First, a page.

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Zoe Fuller-Young's picture

Size matter?

Working from eambash and Jean's ideas, I agree with Jean that the question of why the brain works in random ways becomes how does the brain produce accurate, or at least predictable, output? I agree that the input/output box idea is better than stimuli/response. I would not describe input/output boxes as linear as some do above, because it does give room for flexibility and unexplained behavior, rather input/output boxes are restrictive in the sense that Jean explains above about the brain's somewhat limitless capability for randomness. What I mean to say here is that the words input/output are problematic for me, because it gives the idea of something coming from outside going in, and then something from inside going out, but the processes we are discussing seem much more internal, suggesting that the majority of movement occurs possibly without input, and/or without output.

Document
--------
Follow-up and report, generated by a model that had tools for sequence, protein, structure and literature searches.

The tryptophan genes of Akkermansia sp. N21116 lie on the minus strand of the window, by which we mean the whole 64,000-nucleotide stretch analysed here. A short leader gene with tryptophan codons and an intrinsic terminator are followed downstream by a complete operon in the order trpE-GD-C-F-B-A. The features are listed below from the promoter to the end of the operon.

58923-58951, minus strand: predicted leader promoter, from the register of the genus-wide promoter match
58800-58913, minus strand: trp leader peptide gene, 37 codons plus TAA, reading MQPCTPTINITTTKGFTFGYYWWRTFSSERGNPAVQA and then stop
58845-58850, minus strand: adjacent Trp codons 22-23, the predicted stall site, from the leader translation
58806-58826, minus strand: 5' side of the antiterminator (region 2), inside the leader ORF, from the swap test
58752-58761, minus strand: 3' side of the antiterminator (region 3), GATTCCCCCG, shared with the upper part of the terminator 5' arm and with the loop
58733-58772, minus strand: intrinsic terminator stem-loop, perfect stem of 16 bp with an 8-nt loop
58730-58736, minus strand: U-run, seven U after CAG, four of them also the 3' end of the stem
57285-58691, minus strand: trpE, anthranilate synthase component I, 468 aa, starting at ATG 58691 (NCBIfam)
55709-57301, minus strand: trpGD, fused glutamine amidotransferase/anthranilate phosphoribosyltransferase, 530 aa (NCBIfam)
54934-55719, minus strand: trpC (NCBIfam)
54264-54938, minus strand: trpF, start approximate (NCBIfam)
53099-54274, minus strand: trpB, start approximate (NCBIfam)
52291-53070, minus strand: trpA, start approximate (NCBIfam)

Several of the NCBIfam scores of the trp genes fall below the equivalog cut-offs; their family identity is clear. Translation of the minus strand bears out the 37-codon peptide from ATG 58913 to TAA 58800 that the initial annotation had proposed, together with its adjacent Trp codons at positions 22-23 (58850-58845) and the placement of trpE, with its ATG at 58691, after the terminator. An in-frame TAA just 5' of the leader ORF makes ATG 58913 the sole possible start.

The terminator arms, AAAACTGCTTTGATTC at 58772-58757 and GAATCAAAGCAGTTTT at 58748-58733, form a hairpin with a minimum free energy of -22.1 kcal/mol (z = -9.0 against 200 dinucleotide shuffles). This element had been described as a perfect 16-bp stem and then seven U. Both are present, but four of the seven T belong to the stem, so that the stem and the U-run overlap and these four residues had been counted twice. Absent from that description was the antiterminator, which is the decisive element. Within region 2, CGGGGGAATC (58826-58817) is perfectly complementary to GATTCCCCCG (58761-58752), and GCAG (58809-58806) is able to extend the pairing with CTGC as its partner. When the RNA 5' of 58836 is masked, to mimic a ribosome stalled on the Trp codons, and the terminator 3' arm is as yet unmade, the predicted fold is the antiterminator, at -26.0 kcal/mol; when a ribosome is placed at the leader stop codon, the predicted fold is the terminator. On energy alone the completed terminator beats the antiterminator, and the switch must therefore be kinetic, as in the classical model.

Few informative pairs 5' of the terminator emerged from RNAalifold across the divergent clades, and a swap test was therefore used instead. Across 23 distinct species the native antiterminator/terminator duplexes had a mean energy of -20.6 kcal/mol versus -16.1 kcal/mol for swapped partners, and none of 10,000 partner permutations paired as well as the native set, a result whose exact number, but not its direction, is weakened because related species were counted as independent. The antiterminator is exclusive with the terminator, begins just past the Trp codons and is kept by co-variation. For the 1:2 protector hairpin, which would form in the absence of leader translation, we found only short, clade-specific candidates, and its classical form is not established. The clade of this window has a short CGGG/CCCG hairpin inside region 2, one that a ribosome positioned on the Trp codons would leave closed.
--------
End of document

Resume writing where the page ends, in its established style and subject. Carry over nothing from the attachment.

This moves into eambash's discussion of the 99.999% of neurons being interneurons. If neurons are communicating almost exclusivley between themselves, and therefore the input/output boxes are working irrespective of input from the "outside" and output from the "inside," how is it that we behave? Is it the very small percentage of neurons that are working to provide us with visible actions? How can this be?

Also, we were shown the similarity between human/monkey/frog/cat brains, and at the very tiny level of input/output boxes we appeared to be the same, and somewhat agreed that it is the arrangement of the boxes that determines our behavior and therefore our differences of behavior from frogs. What about size? Humans have the largest brain, so are we more "advanced" because of our arrangement or that we simply have more boxes, or is it both?

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